FILE PHOTO: Kanye West
© AFP / Saul Loeb
Kanye West has insisted that his presidential bid is not a publicity stunt, explaining in a rollercoaster interview that his newly minted 'Birthday Party' will be anti-abortion, anti-vaccine, anti-Democratic Party and pro-fun.

The billionaire music artist turned sneaker designer told Forbes that he was running to win in November - even though it is too late for him to register as a candidate in some states. (He'll win in 2024 if things don't work out this time around, he explained to the magazine.)

Although billing himself as an independent, West says he is forming a new Birthday Party to defeat Democrat Joe Biden and Republican incumbent Donald Trump. He chose the name "because when we win, it's everybody's birthday."

He is reportedly being advised by Tesla CEO Elon Musk, and he has selected a little-known preacher from Wyoming, Michelle Tidball, as his running mate. West announced that their campaign slogan is "YES!" - not "YEP" or "YEAH," he clarified.

His platform contains an eclectic array of positions. West told Forbes that he was "extremely cautious" about efforts to develop a vaccine for coronavirus, claiming that "they are trying to chip us" and that the vaccine represents "the mark of the beast." The billionaire also came out strongly against abortion, accusing Planned Parenthood of doing the "Devil's work."

West acknowledged that he hasn't hammered out a foreign policy yet, as he wants to "focus on ourselves first" - a position which sounds similar to Trump's 'America First' worldview. He also has no position on taxes, but he promised to consult "experts that serve God and come back with the best solution."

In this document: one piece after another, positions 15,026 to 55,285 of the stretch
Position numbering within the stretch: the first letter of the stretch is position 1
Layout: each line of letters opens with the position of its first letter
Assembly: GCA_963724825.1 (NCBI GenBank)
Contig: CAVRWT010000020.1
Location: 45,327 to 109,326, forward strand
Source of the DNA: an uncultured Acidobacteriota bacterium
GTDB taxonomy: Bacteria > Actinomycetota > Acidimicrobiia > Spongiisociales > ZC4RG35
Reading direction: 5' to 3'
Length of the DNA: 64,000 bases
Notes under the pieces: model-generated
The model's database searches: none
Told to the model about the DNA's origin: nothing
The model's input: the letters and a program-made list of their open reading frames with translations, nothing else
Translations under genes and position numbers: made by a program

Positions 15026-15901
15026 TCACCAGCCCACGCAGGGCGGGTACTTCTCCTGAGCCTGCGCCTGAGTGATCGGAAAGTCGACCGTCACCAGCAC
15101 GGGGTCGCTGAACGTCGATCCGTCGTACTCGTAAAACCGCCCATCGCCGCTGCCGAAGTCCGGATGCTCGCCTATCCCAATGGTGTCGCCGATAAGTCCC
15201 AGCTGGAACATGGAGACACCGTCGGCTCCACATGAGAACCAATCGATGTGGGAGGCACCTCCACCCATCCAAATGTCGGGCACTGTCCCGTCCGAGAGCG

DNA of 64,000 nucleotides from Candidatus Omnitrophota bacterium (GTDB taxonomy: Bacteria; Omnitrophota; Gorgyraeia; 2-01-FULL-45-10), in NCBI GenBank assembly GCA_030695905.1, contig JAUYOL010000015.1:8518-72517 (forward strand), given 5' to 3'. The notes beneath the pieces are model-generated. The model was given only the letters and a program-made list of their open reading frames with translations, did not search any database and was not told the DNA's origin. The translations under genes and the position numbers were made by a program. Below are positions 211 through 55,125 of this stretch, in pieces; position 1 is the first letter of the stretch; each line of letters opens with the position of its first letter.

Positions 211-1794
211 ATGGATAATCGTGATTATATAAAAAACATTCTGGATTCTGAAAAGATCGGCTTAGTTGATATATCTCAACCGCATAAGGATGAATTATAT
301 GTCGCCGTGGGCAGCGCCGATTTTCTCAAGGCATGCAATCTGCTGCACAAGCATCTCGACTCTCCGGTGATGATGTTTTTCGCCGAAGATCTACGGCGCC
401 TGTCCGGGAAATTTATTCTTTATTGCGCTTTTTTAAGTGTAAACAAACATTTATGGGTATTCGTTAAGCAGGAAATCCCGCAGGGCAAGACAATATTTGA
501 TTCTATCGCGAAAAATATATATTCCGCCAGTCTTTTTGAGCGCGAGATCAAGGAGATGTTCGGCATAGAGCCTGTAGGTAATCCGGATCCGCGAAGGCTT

The Birthday Party has very strong feelings about fun, however.

"When I'm president, let's also have some fun. Let's get past all the racism conversation, let's empower people with 40 acres and a mule, let's give some land, that's the plan," he told Forbes.

The reference comes from a post-Civil War plan which called for free land for newly freed slaves in the South.

The rapper, once a vocal Trump supporter, said he was dismayed by reports claiming the president had taken refuge in the White House bunker during Black Lives Matter protests in Washington, DC. However, he claimed that the current president could potentially be part of his political vision, and said he had no issue with siphoning off black votes from Biden, even if it hands Trump another four years. West urged both Trump and Biden to "bow out" of the race, saying that he alone was "in the service of God."

However, the Birthday Party candidate was noticeably less charitable when describing Biden, calling the Democrat "not special" and arguing that it's a "form of racism and white supremacy" to tell black people that they must vote Democrat. Biden had claimed in an interview that "you ain't black" unless you support him in November - comments which he was later forced to walk back.

According to Bloomberg, the pop culture icon has yet to file the necessary paperwork to have his name appear on state ballots. In fact, the outlet reported that West has yet to take any meaningful action that would make him eligible to win the White House in November.

West announced his presidential bid last week on Twitter. In a recent interview, Trump called the rapper's candidacy "interesting" but argued he had little chance of winning because he launched his campaign too late.